Delpueyo, X.

X. Delpueyo, M. Vilaseca, S. Royo, M. Ares, L. Rey-Barroso, F. Sanabria, S. Puig, J. Malvehy, G. Pellacani, and F. Noguero, “Multispectral imaging system based on light-emitting diodes for the detection of melanomas and basal cell carcinomas: a pilot study,” J. Biomed. Opt. 22(6), 065006 (2017).
[Crossref]

Derjabo, A.

Di Loro, S.

S. Majewski, C. Carneiro, E. Ibler, P. Boor, G. Tran, M. C. Martini, S. Di Loro, A. W. Rademaker, D. P. West, and B. Nardone, “Digital dermoscopy to determine skin melanin index as an objective indicator of skin pigmentation,” J. Surg. Dermatol. 1(1), 37–42 (2016).
[Crossref]

Diebele, I.

Dimou, A.

G. Zonios, A. Dimou, I. Bassukas, D. Galaris, A. Tsolakidis, and E. Kaxiras, “Melanin absorption spectroscopy: new method for noninvasive skin investigation and melanoma detection,” J. Biomed. Opt. 13(1), 014017 (2008).
[Crossref]

Doerwald-Munoz, L.

R. Abdlaty, L. Doerwald-Munoz, A. Madooei, S. Sahli, S.-C. A. Yeh, J. Zerubia, R. K. W. Wong, J. E. Hayward, T. J. Farrell, and Q. Fang, “Hyperspectral Imaging and Classification for Grading Skin Erythema,” Front. Phys. 6, 72 (2018).
[Crossref]

Doronin, A.

Dremin, V.

Durkin, A. J.

F. Vasefi, N. MacKinnon, R. Saager, K. M. Kelly, T. Maly, N. Booth, A. J. Durkin, and D. L. Farkas, “Separating melanin from hemodynamics in nevi using multimode hyperspectral dermoscopy and spatial frequency domain spectroscopy,” J. Biomed. Opt. 21(11), 114001 (2016).
[Crossref]

Egl, A.

N. Kröger, A. Egl, M. Engel, N. Gretz, K. Haase, I. Herpich, B. Kränzlin, S. Neudecker, A. Pucci, and A. Schönhals, “Quantum cascade laser–based hyperspectral imaging of biological tissue,” J. Biomed. Opt. 19(11), 111607 (2014).
[Crossref]

Engel, M.

N. Kröger, A. Egl, M. Engel, N. Gretz, K. Haase, I. Herpich, B. Kränzlin, S. Neudecker, A. Pucci, and A. Schönhals, “Quantum cascade laser–based hyperspectral imaging of biological tissue,” J. Biomed. Opt. 19(11), 111607 (2014).
[Crossref]

Fang, J.

J. C. Furlan, J. Fang, and F. L. Silver, “Acute ischemic stroke and abnormal blood hemoglobin concentration,” Acta Neurol. Scand. 134(2), 123–130 (2016).
[Crossref]

Fang, Q.

R. Abdlaty, L. Doerwald-Munoz, A. Madooei, S. Sahli, S.-C. A. Yeh, J. Zerubia, R. K. W. Wong, J. E. Hayward, T. J. Farrell, and Q. Fang, “Hyperspectral Imaging and Classification for Grading Skin Erythema,” Front. Phys. 6, 72 (2018).
[Crossref]

Farkas, D. L.

S. Kim, D. Cho, J. Kim, M. Kim, S. Youn, J. E. Jang, M. Je, D. H. Lee, B. Lee, and D. L. Farkas, “Smartphone-based multispectral imaging: system development and potential for mobile skin diagnosis,” Biomed. Opt. Express 7(12), 5294–5307 (2016).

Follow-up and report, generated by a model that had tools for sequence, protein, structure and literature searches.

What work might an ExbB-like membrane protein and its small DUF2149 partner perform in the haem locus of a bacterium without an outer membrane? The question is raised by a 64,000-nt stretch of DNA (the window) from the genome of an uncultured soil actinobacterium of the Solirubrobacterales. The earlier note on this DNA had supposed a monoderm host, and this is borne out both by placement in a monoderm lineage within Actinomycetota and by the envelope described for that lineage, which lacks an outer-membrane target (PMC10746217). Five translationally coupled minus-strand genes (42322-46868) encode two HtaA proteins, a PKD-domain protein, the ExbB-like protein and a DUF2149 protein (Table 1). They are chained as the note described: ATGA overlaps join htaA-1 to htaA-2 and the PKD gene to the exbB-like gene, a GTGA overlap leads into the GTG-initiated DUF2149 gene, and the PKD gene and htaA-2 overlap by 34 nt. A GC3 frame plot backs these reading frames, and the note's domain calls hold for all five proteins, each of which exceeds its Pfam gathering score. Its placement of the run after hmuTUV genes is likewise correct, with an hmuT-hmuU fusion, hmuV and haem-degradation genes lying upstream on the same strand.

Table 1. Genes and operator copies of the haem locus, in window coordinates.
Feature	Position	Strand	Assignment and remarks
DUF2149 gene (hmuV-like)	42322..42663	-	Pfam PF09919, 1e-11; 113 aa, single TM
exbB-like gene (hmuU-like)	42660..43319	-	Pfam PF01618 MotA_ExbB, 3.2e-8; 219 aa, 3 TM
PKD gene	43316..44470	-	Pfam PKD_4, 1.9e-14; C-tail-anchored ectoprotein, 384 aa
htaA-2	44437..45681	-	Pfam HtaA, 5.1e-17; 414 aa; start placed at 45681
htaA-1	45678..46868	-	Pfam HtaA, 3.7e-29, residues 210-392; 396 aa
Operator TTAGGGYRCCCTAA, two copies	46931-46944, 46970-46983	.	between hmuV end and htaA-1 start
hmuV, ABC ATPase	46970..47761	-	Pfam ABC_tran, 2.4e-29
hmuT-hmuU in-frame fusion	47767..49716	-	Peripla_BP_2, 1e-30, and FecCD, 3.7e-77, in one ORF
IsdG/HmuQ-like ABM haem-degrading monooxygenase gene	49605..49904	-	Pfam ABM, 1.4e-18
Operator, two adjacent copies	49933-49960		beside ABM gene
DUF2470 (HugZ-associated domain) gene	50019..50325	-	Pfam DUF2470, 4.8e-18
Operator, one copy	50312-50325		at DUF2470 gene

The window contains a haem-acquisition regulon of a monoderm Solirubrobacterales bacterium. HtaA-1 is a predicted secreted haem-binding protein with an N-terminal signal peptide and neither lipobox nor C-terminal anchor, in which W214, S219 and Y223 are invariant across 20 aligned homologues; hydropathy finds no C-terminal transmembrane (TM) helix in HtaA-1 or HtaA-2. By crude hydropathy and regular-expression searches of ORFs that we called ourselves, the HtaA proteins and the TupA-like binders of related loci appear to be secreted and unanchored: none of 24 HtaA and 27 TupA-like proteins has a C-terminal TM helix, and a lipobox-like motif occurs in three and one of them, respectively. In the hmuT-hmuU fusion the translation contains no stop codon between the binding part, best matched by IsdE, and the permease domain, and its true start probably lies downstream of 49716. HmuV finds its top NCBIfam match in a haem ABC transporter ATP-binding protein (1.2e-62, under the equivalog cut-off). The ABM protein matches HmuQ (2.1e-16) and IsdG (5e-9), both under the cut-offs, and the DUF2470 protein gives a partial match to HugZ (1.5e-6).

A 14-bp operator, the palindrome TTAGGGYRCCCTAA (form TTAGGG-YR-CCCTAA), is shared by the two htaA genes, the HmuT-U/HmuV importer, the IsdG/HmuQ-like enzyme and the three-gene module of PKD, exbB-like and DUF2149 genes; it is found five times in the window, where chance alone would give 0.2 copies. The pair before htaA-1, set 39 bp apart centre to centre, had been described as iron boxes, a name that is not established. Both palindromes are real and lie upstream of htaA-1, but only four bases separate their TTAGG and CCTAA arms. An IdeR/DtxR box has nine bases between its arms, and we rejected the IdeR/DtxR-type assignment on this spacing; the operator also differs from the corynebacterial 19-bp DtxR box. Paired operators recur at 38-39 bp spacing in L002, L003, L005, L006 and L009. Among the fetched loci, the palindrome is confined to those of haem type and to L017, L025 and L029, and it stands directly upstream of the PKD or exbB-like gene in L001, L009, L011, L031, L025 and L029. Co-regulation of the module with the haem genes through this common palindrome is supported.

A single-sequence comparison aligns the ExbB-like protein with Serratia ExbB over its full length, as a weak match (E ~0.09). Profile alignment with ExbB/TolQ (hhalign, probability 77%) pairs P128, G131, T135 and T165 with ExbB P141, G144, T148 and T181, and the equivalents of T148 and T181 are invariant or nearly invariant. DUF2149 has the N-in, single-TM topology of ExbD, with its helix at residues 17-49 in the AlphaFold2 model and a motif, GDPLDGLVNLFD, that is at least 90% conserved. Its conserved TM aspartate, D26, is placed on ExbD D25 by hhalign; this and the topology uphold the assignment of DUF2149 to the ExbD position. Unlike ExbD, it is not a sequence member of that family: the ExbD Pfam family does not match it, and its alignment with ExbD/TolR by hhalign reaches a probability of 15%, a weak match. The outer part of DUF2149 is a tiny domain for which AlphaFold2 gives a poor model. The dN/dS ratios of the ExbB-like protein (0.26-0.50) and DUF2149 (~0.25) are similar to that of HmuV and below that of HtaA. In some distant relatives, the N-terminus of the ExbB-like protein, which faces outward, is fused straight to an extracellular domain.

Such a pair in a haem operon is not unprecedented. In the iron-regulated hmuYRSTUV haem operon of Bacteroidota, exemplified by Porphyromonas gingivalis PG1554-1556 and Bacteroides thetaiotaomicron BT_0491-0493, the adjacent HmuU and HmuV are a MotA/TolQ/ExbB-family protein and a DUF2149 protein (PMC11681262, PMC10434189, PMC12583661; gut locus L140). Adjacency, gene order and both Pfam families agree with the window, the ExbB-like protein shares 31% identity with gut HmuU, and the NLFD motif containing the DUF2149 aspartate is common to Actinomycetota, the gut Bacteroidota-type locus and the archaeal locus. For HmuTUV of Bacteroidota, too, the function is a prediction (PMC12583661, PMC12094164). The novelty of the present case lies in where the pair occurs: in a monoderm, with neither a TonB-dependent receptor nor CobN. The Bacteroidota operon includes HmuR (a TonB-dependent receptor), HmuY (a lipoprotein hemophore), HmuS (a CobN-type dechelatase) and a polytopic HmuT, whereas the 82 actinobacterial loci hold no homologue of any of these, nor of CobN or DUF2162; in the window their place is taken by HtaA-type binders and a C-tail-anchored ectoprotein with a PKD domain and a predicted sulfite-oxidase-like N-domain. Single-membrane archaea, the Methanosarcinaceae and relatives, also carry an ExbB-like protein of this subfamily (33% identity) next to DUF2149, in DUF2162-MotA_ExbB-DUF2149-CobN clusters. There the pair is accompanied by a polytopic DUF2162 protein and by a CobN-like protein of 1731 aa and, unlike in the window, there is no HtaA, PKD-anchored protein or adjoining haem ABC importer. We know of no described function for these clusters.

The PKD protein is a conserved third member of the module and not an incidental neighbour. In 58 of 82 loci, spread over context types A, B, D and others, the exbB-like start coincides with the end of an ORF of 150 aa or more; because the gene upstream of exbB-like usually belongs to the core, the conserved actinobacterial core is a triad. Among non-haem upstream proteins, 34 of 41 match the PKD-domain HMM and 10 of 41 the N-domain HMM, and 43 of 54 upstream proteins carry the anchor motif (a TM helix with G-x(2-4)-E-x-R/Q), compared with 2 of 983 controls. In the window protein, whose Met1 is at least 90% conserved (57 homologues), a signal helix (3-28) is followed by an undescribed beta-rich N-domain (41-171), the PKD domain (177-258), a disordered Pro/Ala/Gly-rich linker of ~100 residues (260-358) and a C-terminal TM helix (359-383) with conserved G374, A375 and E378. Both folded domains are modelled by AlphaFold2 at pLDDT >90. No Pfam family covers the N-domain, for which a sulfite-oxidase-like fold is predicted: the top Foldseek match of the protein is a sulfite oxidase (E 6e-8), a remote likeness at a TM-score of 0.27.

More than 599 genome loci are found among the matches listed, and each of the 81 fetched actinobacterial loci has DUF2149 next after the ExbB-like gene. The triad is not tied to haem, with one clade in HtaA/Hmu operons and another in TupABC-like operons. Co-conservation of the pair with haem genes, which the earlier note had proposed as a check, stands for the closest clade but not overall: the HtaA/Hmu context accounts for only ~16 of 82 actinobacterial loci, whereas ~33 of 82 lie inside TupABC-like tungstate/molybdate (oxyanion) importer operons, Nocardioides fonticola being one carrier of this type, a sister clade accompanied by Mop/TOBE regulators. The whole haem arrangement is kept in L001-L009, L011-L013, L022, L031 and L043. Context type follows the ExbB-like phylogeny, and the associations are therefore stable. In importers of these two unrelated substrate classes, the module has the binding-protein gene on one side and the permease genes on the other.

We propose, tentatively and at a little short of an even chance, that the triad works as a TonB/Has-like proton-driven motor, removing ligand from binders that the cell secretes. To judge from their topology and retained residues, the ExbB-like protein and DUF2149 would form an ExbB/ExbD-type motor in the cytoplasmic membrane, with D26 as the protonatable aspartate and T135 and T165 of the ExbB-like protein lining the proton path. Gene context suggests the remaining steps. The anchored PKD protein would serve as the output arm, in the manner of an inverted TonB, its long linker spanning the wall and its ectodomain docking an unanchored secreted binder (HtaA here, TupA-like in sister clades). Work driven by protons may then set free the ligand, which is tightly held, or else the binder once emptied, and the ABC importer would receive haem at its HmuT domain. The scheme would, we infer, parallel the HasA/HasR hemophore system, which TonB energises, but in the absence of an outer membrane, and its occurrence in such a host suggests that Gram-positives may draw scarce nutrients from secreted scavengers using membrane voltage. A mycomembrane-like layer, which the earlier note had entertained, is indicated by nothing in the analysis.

[Crossref]

F. Vasefi, N. MacKinnon, R. Saager, K. M. Kelly, T. Maly, N. Booth, A. J. Durkin, and D. L. Farkas, “Separating melanin from hemodynamics in nevi using multimode hyperspectral dermoscopy and spatial frequency domain spectroscopy,” J. Biomed. Opt. 21(11), 114001 (2016).
[Crossref]

Farrell, T. J.

R. Abdlaty, L. Doerwald-Munoz, A. Madooei, S. Sahli, S.-C. A. Yeh, J. Zerubia, R. K. W. Wong, J. E. Hayward, T. J. Farrell, and Q. Fang, “Hyperspectral Imaging and Classification for Grading Skin Erythema,” Front. Phys. 6, 72 (2018).
[Crossref]

Fawzi, A. A.

J. Kaluzny, H. Li, W. Liu, P. Nesper, J. Park, H. F. Zhang, and A. A. Fawzi, “Bayer filter snapshot hyperspectral fundus camera for human retinal imaging,” Curr. Eye Res. 42(4), 629–635 (2017).
[Crossref]

Ferreira, M.

A. R. Matias, M. Ferreira, P. Costa, and P. Neto, “Skin colour, skin redness and melanin biometric measurements: comparison study between Antera® 3D, Mexameterand Colorimeter,” Skin Res. Technol. 21(3), 346–362 (2015).
[Crossref]

Ferris, L. K.

E. Chao, C. K. Meenan, and L. K. Ferris, “Smartphone-based applications for skin monitoring and melanoma detection,” Dermatol. Clin. 35(4), 551–557 (2017).
[Crossref]

Fink, W.

W. R. Johnson, D. W. Wilson, W. Fink, M. S. Humayun, and G. H. Bearman, “Snapshot hyperspectral imaging in ophthalmology,” J. Biomed. Opt. 12(1), 014036 (2007).
[Crossref]

Fonseca, V. A.

S. Liu, J. M. Hempe, R. J. McCarter, S. Li, and V. A. Fonseca, “Association between inflammation and biological variation in hemoglobin A1c in US nondiabetic adults,” J. Clin. Endocrinol. Metab. 100(6), 2364–2371 (2015).
[Crossref]

Fujii, K.

D. K. Spierer, Z. Rosen, L. L. Litman, and K. Fujii, “Validation of photoplethysmography as a method to detect heart rate during rest and exercise,” J. Med. Eng. Technol. 39(5), 264–271 (2015).
[Crossref]

Fukushima, Y.